In Brief

Bills making changes to mandatory retirement for public workers advance to Murphy’s desk

By: - January 11, 2022 3:04 pm

The bills are intended to help staffing issues in the state Legislature and the New Jersey State Police. (Mary Iuvone for New Jersey Monitor)

Lawmakers advanced two bills Monday to clarify when state employees can work beyond their mandatory retirement dates, part of an attempt to address some of the labor issues plaguing the state.

The first measure, A6262, would allow retired public employees to return to employment on a part-time basis in the Legislature under certain circumstances without the change affecting their pensions or benefits.

Under the bill, retirees must have already reached retirement age, can be rehired as part-time workers only, and can return to the state payroll for up to two years. The bill wouldn’t apply to any former members of the state Legislature.

It passed both chambers Monday, just four days after being introduced. It advanced out of the Assembly 59-18, with two abstentions, and passed the Senate with only one member, Sen. Nia Gill (D-Essex), voting no.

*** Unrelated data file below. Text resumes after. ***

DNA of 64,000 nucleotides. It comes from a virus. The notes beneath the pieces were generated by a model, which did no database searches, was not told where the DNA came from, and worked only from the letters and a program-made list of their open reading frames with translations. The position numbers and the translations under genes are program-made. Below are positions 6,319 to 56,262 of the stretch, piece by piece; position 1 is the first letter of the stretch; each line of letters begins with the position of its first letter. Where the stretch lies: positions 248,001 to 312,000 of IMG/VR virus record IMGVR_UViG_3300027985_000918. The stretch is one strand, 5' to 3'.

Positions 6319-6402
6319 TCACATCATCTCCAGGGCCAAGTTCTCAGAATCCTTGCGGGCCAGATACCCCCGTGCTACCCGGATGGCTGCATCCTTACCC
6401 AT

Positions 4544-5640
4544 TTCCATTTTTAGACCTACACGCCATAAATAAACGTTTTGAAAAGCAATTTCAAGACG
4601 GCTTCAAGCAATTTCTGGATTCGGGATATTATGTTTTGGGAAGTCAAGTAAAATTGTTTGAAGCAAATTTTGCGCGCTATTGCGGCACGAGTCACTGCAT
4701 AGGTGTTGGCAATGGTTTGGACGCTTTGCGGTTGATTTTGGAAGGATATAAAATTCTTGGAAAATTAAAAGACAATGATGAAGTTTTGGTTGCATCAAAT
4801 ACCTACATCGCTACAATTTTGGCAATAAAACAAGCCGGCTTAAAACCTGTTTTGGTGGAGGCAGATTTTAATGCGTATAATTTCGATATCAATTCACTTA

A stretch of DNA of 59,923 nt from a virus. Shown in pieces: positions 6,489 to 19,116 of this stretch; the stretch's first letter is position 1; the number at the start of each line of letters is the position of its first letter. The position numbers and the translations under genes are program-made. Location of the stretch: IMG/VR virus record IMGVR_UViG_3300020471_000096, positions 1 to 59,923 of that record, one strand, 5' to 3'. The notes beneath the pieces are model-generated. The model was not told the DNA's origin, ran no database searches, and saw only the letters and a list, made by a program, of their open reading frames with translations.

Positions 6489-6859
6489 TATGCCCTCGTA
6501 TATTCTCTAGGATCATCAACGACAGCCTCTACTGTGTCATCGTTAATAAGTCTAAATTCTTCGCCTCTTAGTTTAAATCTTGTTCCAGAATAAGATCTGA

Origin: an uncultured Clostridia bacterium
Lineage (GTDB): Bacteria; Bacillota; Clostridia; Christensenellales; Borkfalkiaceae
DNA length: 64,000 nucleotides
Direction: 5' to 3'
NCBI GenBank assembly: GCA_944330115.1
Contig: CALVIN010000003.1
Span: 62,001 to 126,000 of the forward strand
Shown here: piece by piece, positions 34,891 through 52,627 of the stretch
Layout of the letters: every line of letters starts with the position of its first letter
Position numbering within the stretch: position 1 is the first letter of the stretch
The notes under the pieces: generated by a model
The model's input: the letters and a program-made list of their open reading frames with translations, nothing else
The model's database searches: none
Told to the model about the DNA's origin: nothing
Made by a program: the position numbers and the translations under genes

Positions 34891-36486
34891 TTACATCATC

Another measure, S4252, would change an already revised law regarding mandatory retirement for New Jersey State Police employees.

Early in the pandemic, the employees were allowed to delay their retirement — the mandatory retirement age is 55 — to the end of the pandemic. But, the measure says, that change blocked promotional opportunities as more State Police employees stayed on the payroll.

The new bill would extend the mandatory retirement date by 90 days only, and retirement benefits would not be affected. It passed both chambers unanimously.

Both bills are headed to Gov. Phil Murphy’s desk, who has until Jan. 18 to decide whether to sign those, and hundreds of other measures, into law.

In response to staffing shortages in schools, lawmakers advanced two bills Monday that would eliminate the in-state residency requirement for public school teachers and allow retired teachers to return to the classroom and still collect their pensions.

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Sophie Nieto-Munoz
Sophie Nieto-Munoz

Sophie Nieto-Muñoz, a New Jersey native and former Trenton statehouse reporter for, shined a spotlight on the state’s crumbling unemployment system and won several awards for investigative reporting from the New Jersey Press Association. She was a finalist for the Livingston Award for Young Journalists for her report on PetSmart's grooming practices, which was also recognized by the New York Press Club. Sophie speaks Spanish and is proud to connect to the Latinx community through her reporting.